Ask About Him?

A month or so ago, I shared in a Facebook post about an experience on Zoom. Apparently, a person on the call elected to perform a little bit of google snooping about me. Hey, I’ve partaken in said activity a few times as well, but when it was time for them to speak, they shared their screen to accompany their commentary and I noticed my photo and bio. I was thrown off for a moment, until I realized that while they intended to share their screen, they did not intend to share that tab. I was tickled and they were embarrassed. As I joked about it online, a sister friend of mine, who always has a comical gif in her technology knapsack posted Chris Paul of the Phoenix Suns confidently saying, “Ask About Me!” Not only was it hilarious to me, but it also prompted me to consider that God can actually be photoshopped instead because His miracles, His signs and His wonders marvel humanity daily. Yet, if we truly want to understand the heart of God and more importantly, His intentions for our lives, we need to develop such a relationship that folx don’t have to google Him, they can simply ask us, because we hold a more personable, tangible, intimate narrative.

Yet if we are afraid to lift His name, lift His works and lift His sovereignty, others who could benefit from Him will have no other choice but to “google their way through” seeking to find answers and directives in places and spaces not ordained by God; or structures that are ill-equipped to hold the weight of their burdens nor the heaviness of their pain. But God can. His capacity is deep and wide and never fills up. Whatever we are looking for, can be found in Him. Whatever we desire, can be quenched by His never ending love. Whatever we need, can be sustained through the Blood that Jesus the Christ shed over 2000 years ago. When we fail to contemporize Christ and the extent to which His relevancy still matters, we are potentially neglecting our assignment in the earth. Through relationship with God, we get to know His characteristics and thereby can discern that which is of God and that which is not.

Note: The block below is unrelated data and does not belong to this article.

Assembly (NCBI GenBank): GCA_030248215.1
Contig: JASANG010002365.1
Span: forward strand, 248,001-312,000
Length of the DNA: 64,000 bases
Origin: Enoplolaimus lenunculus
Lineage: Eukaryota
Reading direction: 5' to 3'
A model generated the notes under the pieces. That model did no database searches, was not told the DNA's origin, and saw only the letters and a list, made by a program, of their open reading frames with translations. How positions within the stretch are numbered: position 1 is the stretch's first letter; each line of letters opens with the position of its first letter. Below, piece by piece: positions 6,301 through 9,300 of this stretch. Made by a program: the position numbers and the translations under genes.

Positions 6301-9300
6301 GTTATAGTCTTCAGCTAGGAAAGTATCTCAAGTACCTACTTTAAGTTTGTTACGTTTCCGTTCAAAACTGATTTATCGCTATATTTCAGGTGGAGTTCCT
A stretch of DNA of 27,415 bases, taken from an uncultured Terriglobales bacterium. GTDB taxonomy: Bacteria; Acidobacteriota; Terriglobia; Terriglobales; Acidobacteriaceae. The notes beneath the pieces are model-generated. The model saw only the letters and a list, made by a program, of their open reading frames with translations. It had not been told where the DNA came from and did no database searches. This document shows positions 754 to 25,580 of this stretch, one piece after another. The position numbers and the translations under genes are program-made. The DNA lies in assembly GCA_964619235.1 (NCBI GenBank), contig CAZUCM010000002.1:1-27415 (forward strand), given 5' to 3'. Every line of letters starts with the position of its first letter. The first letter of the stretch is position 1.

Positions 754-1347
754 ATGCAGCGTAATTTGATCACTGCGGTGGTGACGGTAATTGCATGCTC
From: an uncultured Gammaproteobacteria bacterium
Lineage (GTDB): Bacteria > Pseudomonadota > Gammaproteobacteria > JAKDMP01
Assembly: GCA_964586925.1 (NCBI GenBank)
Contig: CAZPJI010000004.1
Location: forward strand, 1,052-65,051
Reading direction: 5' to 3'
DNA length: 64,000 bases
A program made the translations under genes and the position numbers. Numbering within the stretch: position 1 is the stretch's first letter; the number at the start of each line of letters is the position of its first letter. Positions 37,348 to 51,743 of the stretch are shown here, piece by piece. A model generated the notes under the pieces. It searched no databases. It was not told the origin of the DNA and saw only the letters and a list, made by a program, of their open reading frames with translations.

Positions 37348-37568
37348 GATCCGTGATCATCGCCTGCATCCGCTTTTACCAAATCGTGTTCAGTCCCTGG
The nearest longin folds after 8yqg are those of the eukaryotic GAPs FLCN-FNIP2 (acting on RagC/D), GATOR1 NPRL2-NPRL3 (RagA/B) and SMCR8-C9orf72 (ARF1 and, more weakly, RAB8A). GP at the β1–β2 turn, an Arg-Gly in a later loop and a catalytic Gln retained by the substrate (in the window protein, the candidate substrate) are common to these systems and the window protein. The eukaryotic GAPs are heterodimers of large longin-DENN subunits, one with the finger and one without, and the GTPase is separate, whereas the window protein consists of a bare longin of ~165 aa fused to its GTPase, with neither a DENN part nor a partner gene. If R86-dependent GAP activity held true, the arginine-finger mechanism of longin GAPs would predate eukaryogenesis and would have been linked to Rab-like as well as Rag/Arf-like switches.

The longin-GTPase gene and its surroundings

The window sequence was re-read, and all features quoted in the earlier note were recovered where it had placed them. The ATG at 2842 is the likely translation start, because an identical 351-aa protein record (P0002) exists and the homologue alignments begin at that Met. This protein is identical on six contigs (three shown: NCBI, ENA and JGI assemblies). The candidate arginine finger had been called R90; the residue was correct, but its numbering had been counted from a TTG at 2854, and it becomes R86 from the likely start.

Matthew 16:15-17 reads, “But what about you?” He asked. “Who do you say I am?” Simon Peter answered, “You are the Messiah, the Son of the living God.” Jesus replied, “Blessed are you, Simon son of Jonah, for this was not revealed to you by flesh and blood, but by my Father in heaven.” In this text, Christ is suggesting that we get to know His father. In other words, you can ask Jesus about Him – but He is suggesting that we get to know Him for ourselves. What are the names of God in terms of who He is to you that could be on the back of His jersey? God has so much He desires to reveal to us, about us and for us – but we must ask. And as we do, we are comfortable and confident in sharing the Good News. Can someone ask you about Him?